The critical context of Philadelphia, Here I Come! is suggested by the two thematic interpretations of the play. It is at once part of a long tradition of coming-of-age plays and of the experimental movement of the 1960’s.
As a play about growing up, Brian Friel’s treatment of the theme risks criticism for sentimentality. The subject of leaving home is emotional enough, and the melancholy music of Mendelssohn’s Violin Concerto only underscores this sentimental thrust. In the closing moments, when Gar and S. B. privately reveal the significant memories they cannot share with each other, the mood is especially moving. However, Friel rises above sentimentality by his masterful exploitation of comedy. Private’s satiric commentary on the action, as well as some moments of pure slapstick, helps to keep the play from becoming maudlin.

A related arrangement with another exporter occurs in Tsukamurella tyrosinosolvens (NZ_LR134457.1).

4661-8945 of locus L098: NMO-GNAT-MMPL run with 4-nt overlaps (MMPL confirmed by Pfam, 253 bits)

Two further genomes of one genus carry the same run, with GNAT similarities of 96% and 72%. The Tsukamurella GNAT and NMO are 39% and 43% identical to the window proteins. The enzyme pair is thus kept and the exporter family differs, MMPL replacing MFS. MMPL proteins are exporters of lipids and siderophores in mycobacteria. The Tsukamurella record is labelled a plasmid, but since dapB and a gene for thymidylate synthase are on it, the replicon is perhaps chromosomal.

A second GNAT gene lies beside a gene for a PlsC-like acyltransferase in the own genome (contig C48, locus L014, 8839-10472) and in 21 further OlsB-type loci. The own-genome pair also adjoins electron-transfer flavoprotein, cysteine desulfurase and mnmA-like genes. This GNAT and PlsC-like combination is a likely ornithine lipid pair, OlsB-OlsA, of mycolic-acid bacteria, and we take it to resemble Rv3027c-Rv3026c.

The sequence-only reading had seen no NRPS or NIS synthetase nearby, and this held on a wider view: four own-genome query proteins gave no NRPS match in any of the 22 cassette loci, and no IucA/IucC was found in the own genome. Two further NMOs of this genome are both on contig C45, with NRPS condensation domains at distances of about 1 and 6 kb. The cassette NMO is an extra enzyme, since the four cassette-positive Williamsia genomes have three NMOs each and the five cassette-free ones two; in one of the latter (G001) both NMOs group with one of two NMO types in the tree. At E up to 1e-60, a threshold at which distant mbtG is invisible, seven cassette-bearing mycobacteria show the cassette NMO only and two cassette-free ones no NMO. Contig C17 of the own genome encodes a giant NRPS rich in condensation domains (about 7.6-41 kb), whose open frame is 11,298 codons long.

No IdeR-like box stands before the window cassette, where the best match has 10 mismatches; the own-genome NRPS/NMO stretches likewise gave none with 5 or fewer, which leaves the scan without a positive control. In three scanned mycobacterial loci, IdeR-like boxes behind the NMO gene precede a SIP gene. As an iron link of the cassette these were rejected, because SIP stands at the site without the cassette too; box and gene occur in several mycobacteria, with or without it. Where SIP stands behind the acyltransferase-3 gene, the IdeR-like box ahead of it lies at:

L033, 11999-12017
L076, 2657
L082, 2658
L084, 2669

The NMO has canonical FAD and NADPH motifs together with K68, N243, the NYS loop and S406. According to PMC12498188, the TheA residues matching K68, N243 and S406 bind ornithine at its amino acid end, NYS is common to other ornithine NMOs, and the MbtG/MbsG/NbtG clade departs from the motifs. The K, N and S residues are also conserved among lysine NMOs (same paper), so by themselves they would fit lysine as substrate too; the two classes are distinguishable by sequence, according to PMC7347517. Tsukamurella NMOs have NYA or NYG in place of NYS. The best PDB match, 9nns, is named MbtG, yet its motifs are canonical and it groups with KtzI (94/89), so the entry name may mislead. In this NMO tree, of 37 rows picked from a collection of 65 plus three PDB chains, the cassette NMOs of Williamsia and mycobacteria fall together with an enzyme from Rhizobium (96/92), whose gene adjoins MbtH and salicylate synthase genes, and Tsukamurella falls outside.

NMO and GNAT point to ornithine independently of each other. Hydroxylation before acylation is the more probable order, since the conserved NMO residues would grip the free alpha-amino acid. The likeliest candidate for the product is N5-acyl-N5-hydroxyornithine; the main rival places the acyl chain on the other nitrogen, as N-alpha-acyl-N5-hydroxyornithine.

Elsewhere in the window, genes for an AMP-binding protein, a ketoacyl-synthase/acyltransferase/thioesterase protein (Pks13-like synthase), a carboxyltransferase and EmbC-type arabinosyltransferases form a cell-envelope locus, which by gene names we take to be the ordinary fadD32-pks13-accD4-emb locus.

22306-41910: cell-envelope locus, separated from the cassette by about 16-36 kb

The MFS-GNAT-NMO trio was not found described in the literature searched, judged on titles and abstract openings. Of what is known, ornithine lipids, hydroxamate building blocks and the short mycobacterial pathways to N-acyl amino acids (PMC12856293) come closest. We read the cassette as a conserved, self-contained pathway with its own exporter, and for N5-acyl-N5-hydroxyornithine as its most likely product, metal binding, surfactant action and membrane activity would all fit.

So, too, does the experimental technique. The clearly nonrealistic method of presenting one character with two actors helps to dispel the sentimentality invited by the surface of the story. In fact, it is the familiarity of the story that allows the experimental technique to work. Though the 1960’s saw significant experimentation in dramatic presentations, the mainstream, popular plays remained fairly traditional. Friel’s experiment was an exception. In fact, it enjoyed a long run on Broadway in 1966. It has been characterized by Christopher Fitz-Simon as one of the most important plays of the 1960’s. The tension between the familiar, sentimental plot and the highly experimental technique emerged as the decisive factor in creating the play’s commercial and critical success.